Column: Friedman must understand change is needed for Dodgers

Andrew Friedman initially sounded open to the possibility that he was responsible for the Dodgers’ final nightmare back in October.

“The question is, is it just baseball?” Friedman asked. “Or are there things we can do to improve that? Are there levers we can pull, are there things that make us better positioned?”

However, the more Friedman spoke at Tuesday’s season-ending press conference, the clearer it became that he believed the Dodgers were simply unlucky in their National League Division Series loss to the San Diego Padres.

The president of baseball operations pointed to his team’s regular season numbers with runners in goal position.

He recalled Gavin Lux and Justin Turner’s late-season injuries.

He even went so far as to mention how Dodgers catcher Will Smith’s sacrificial fly was hit right at Jurickson Profar in the seventh inning in Game 4 while Padre’s shortstop Ha-Seong skipped Kim’s grounder at the end of the same inning skipped by Max Muncy because he played.

Friedman didn’t highlight anything the front office could have done better. If anything, he did everything to defend the group.

“I’m biased, but I feel like it’s the best thing in baseball,” Friedman said.

So there you have it: Friedman doesn’t think he did anything wrong, despite building another Dodgers team that dominated the regular season and blazed in the playoffs.

Friedman downplayed the need for change, saying Dave Roberts will return “100%” as manager next season. He said he also expects the other members of the coaching staff to return. He gave no indication that he would build his roster any differently than he has over the past eight years.

If the first step in fixing the team’s October problem is to admit there is an October problem, then the Dodgers still have an October problem.

Rather than express remorse beyond obvious lip service, Friedman remained defensive. Instead of sounding thoughtful, he came across as haughty and condescending.

From the sound of it, he wasn’t interested in knowing what went wrong either. He said he didn’t know why a mark didn’t reach right-hander Yency Almonte in the seventh inning of Game 4. Instead of throwing to first base to give left-hander Alex Vesia more time to warm up, Almonte delivered a ball to Jake Cronenworth. Vesia had to go in with a 1-0 count in an at-bat, resulting in a two-run go-ahead single from Cronenworth.

When asked if he knew why the sign was overlooked, Friedman replied, “I don’t know. I won’t waste time [talking about] neither.”

To be clear, Friedman didn’t claim the Padres didn’t deserve to win the NLDS. He conceded that the Dodgers were outplayed.

The Dodgers players watch from the dugout during the ninth inning of Game 4 of the NLDS against the San Diego Padres.

The Dodgers players watch from the dugout during the ninth inning in Game 4 of the NLDS against the San Diego Padres at Petco Park October 15 in San Diego.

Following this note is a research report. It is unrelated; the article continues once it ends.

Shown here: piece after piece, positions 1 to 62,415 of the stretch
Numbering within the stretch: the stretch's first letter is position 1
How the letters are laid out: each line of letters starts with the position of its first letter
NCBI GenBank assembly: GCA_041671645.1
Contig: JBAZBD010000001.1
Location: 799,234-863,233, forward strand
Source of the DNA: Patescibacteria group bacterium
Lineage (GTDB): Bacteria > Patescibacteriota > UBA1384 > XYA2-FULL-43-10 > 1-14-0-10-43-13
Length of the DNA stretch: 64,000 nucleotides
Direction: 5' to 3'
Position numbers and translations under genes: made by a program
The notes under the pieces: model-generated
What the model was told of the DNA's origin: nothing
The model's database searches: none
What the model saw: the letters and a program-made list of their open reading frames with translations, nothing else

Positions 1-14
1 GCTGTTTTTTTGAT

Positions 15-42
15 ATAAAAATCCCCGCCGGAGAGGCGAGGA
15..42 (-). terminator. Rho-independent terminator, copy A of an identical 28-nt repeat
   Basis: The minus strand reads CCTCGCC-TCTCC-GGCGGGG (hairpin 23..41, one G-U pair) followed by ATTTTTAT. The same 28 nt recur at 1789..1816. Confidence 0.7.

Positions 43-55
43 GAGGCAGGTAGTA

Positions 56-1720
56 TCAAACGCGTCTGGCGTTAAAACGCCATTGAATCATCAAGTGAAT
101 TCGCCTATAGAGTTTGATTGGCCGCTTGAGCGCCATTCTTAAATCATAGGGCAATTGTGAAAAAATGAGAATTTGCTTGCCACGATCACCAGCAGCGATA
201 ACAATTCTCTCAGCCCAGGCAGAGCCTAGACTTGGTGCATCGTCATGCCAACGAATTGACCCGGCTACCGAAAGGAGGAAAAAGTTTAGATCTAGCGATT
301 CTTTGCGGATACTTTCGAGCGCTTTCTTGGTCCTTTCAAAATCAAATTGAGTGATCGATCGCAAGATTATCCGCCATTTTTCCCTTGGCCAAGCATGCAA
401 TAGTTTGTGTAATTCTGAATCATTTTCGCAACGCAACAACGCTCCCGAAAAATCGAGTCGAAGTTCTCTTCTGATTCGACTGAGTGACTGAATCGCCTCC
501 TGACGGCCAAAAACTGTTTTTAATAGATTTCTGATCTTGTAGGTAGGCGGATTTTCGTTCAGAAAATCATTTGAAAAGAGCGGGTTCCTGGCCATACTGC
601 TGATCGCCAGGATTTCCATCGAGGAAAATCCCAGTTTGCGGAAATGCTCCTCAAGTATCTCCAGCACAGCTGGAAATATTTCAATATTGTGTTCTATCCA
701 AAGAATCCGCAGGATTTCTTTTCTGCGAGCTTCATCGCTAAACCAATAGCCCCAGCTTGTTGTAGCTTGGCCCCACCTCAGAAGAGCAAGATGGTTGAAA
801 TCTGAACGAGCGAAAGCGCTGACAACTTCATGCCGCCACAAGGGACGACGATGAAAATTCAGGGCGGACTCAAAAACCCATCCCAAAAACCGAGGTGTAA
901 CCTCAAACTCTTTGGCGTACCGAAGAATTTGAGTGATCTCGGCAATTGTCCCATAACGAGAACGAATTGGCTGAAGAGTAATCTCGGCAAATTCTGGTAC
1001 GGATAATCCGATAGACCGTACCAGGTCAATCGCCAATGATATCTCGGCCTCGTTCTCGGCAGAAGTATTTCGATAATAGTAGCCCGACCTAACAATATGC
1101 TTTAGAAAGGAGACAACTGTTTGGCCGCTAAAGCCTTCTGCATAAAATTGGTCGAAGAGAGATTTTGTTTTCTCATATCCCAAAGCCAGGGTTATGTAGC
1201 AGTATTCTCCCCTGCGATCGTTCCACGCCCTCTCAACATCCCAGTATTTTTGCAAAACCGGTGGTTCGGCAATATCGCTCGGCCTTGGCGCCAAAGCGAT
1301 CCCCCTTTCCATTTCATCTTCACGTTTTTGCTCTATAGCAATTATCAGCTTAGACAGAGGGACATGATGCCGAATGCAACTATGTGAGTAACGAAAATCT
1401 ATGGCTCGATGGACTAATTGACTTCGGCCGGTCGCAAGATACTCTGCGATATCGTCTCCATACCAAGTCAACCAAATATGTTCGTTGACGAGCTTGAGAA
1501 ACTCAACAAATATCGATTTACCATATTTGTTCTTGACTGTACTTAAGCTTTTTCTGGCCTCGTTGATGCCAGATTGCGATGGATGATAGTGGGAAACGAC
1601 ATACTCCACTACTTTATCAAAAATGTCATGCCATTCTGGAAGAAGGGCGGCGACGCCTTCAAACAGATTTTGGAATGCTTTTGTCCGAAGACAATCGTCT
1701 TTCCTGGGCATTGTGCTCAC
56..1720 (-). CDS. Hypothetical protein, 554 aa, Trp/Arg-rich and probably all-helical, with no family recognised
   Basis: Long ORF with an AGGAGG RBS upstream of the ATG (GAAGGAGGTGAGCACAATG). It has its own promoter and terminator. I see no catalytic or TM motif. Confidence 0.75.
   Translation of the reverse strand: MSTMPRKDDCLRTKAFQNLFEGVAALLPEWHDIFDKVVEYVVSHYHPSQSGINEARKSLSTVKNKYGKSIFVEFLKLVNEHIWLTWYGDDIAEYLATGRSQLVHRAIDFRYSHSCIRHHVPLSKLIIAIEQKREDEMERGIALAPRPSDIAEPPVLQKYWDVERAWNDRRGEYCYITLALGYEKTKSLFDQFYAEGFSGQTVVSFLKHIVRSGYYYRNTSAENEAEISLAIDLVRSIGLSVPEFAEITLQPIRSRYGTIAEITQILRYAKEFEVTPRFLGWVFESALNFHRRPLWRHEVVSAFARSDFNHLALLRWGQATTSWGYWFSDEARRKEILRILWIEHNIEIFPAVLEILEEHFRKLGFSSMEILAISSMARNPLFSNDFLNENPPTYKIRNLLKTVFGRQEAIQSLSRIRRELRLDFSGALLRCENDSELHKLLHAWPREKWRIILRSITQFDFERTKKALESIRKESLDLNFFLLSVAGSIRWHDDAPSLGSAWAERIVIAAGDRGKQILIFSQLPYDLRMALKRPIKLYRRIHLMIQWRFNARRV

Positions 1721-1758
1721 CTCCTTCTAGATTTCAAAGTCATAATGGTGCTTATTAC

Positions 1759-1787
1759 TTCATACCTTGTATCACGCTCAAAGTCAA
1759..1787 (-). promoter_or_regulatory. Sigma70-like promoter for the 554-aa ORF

(Wally Skalij / Los Angeles Times)

Only this isn’t boxing where fighters have eight-week training camps designed to peak on the nights of their fights. This is not athletics where athletes adjust their training before major competitions.

No baseball team has figured out how to play when the games matter most. So if teams are subject to the inexplicable rhythms of a season, how can anyone be held responsible for what happens in October?

That was basically Friedman’s point.

“If you ask me if I think the best team wins the World Series every year, I would say no,” Friedman said. “I think the hottest team wins the World Series every year.”

However, some teams are better equipped to survive a 162-game regular season than to win in October, and vice versa.

“I think my point is, I think partly how you define the best team,” Friedman said, launching into a nonsensical monologue about fan expectations and how Roberts doesn’t deserve the criticism he’s receiving. If only Almonte knew how to stall like that.

Once again, Friedman turned to the team’s 111-win regular season for cover. Never mind that batting in the regular season has nothing to do with batting in the postseason, especially now that so many teams are tanking.

“It’s all relative,” Friedman said. “Other good teams also play against all other teams. I feel like we came out on top against good teams and good pitching in general.”

Although none of the Dodgers’ starters pitched in the sixth inning of the NLDS, Friedman dismissed the notion that he should have acquired another pitcher at the close.

“I don’t regret not getting a bad deal for us,” Friedman said. “I don’t feel like it was our starting pitch or our pitching in general that’s why we’re sitting here today.”

His pride didn’t allow him to admit he’d made any mistakes, making him an unlikable character on Tuesday, but not necessarily irretrievable. More important is whether he admits to himself that something needs to change, that not only is he unlucky every October, that there is a reason the only championship he has won came in a season curtailed by the pandemic, in which the playoffs most closely resembled the regular season. Column: Friedman must understand change is needed for Dodgers

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